Backwards Living: What happened to good taste?


Anything goes these days, but if you comment on it, you’re the bad guy. It seems to me that outrageous behavior has become acceptable. If you say it’s gauche or in bad taste people look at you like your crazy. It seems to me that good manners is quickly becoming a thing of the past.

I don’t even want to imagine what it’s like in the schools these days. I’m wondering if they’re giving the teachers detentions instead of the students. From my past experience, I know a shift in power was taking place about 10 years ago.

Everyone is casual and comfortable

Go to the theater any day of the week. It doesn’t matter how much people pay for tickets, they are never dressed up at all. They are dressed up for the ballet the same way as they are for a comedian.

Some people do look nicer than others, but it doesn’t seem like they took a lot of time to get ready. There still are some cute, fancy heels that go along with the jeans. Dresses for women seem to be out of style. Maybe that’s just goes with equality, but I do miss them.

I guess they are all “comfortable”, but I do miss the days when people looked really special for special events.

Maybe in a couple of decades we’ll all run around naked, and get rid of clothes altogether. It will be easier on the bank account. We will all be more comfortable, except in the winter! Maybe then we’ll wear a big easy blanket that we put over our heads.

Spoken language is on the decline
Language sure has changed too. Just watch a movie from the 20’s, 30’s or even 40’s, 50’s, or even early 60’s. If this was reflective of society, people spoke in a more courteous way. I do know language has definitely been on the decline in the last few decades. When you’re hearing it in all the media, of course, you’re not going to speak in a thoughtful way.

I’m not saying that life was good for minorities or people who were different in the good old days. I’m glad people are more accepting of differences.

I think one of the casualties of all this acceptance and tolerance is good taste. Just look at afternoon TV. Dr. Phil features the most immoral weird people, and how about the shows that center on finding “the real fathers” of children.

If you express your opinion about much of anything that is against the present norms, you’re looked at like you’re intolerant.

It seems like things have totally gotten backwards. Isn’t there a good balance somewhere?

What do you think?

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Book Review: Ted Williams A Golden Voice


A pile of crack cocaine ‘rocks’
c A pile of crack cocaine ‘rocks  These rocks ruin lives.

If you want an eyewitness account of life on the streets, read A Golden Voice by Ted Williams.

Williams was a successful radio DJ in Columbus on several reputable  stations for about 10 years.  He knew he had a “golden voice” when he was a youngster, and he worked at perfecting his voice, and thinking of ways to be on the radio.

It paid off when he got an opportunity to be on one of the big stations in Columbus, and shot to the top. (twice).

He threw it all away when he got hooked on crack.

He managed to get clean for short periods a couple of times, but whenever things got rough, he’d relapse.  Like many crack addicts, he spent time chasing that first high. In his case, he chased it for more than 20 years. Like others,  he never found it. What he found was poverty, depression, humiliation, homelessness and lots of jail time. He hurt some people along the way. Some have forgiven him, others are still working on it. At least his mother— at 90—finally can feel hopeful.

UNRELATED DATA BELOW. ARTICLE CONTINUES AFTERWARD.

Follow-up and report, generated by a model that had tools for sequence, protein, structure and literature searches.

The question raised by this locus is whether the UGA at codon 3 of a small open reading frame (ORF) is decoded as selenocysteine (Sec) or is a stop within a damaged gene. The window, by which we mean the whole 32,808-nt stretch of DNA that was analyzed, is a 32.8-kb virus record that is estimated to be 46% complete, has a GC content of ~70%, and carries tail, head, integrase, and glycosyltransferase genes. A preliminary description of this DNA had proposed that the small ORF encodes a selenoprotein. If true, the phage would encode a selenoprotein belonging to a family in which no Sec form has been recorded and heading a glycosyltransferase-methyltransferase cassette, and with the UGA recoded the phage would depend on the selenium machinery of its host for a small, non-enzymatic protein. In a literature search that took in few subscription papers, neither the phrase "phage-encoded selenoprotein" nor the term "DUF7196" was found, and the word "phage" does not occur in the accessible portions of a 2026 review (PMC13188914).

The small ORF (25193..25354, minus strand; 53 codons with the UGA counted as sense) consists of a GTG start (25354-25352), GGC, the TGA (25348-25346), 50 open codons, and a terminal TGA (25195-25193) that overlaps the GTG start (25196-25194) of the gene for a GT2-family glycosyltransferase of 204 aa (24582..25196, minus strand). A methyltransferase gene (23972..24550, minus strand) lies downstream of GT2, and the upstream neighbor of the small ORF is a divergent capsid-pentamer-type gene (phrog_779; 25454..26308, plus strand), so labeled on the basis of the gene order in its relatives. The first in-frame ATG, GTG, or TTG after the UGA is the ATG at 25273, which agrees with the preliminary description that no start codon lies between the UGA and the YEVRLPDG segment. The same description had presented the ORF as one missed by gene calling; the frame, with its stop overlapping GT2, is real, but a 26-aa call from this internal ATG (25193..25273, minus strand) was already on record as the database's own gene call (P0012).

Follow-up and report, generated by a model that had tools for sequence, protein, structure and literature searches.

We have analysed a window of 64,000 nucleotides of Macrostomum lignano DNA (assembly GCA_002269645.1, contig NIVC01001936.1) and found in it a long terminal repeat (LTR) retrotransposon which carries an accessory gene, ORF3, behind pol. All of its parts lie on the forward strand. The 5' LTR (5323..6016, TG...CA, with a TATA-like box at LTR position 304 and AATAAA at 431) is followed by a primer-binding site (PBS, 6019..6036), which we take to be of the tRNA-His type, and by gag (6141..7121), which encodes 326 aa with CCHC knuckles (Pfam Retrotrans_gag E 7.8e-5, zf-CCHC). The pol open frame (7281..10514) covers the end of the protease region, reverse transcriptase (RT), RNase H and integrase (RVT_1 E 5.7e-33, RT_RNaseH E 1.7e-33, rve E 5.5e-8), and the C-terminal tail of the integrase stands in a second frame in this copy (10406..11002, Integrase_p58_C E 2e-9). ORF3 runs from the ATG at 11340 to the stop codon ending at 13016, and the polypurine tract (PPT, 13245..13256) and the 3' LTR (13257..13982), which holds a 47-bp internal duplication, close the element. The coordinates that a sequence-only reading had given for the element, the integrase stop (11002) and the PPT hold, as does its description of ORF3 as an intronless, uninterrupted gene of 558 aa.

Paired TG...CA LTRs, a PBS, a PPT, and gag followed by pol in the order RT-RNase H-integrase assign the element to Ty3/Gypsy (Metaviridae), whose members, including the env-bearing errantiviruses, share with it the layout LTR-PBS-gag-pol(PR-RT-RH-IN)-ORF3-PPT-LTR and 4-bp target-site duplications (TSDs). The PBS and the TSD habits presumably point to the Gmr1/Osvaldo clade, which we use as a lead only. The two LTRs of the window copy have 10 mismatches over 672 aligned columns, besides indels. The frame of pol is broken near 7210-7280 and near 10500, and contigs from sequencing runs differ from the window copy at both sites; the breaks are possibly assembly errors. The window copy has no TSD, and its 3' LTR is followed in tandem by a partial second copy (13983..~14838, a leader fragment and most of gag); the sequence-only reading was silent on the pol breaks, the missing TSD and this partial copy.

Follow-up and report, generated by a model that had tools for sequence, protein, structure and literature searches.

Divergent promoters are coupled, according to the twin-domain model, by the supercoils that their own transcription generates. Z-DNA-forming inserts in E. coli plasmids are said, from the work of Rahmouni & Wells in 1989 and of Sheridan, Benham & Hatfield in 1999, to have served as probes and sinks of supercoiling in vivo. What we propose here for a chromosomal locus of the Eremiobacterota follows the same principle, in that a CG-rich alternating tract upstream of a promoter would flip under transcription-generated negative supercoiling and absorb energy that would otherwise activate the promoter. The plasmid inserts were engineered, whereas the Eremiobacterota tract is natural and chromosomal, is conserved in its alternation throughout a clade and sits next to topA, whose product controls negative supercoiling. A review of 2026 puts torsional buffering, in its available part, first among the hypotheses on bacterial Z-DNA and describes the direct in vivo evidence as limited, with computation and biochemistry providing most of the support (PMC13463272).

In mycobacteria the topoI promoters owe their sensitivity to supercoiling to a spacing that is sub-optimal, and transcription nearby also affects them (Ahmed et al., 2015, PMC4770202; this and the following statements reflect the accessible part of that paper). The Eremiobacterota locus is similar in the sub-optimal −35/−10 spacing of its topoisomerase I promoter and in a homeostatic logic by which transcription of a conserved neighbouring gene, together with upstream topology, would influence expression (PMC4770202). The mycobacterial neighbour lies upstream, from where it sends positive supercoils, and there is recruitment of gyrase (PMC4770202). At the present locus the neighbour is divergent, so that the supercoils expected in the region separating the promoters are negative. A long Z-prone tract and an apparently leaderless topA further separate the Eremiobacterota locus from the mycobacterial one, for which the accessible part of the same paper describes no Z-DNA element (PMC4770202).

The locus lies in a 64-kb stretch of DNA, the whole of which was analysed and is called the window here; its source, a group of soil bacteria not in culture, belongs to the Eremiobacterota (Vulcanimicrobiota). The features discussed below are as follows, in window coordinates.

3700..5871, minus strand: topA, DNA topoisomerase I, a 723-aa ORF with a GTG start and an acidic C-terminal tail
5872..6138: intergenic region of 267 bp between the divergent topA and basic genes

Williams was adopted by people who really wanted him. His mother, in particular, made sure he had a lot of opportunities in life. His relationship with his  late father was much rockier. It was no accident that his dad named him after the famous baseball player, Ted Williams. However, he never lived up to his famous name.

He was already an alcoholic when he joined the army.  He parted ways with the US army for working some scams and drinking too much. He got a dishonorable discharge.

He gets more than once chance to get away from crack, but every time he manages some sobriety, he ends up relapsing. His nickname was “relapse Ted.”  As most of us know by now, crack is very addictive.

He is co-dependent with a woman who prostitutes herself so they can smoke crack together. Her story is included. She tells it like it is.  It’s not a pretty picture.

After years of being homeless, and doing whatever he could think of to make money for crack, he finally starts begging an hour a day on the street corner where he was videotaped by a Columbus Dispatch reporter. He was whisked to California after the YouTube video went viral.

I saw him at person at Barnes and Noble in Columbus where he was promoting his book.   Some people were there because they were related to someone who is addicted to a drug, and were looking for hope. Some were there because they’ve lived his story. Others, were just curious.

He spent time talking to anyone who wanted to speak to him. He seemed sincere about wanting to help others.

He was doing a quite a bit of preaching in between talking about his book. His faith is a big part of his recovery.  When you do read the book, you get 90% story, and 10% talk about faith.

Dr. Phil did give him another chance at rehab when he decided he was serious. He financed another stint in rehab.  He’s been clean for 14 months

This should be required reading for social workers, or anyone working with drug addicts. It is honest.

I sincerely hope he makes it this time.

Even though this book is not for the squeamish or judgmental,  it is inspirational in its own way.

Any opinions about Mr. Williams?  I would be interested to find out what you think?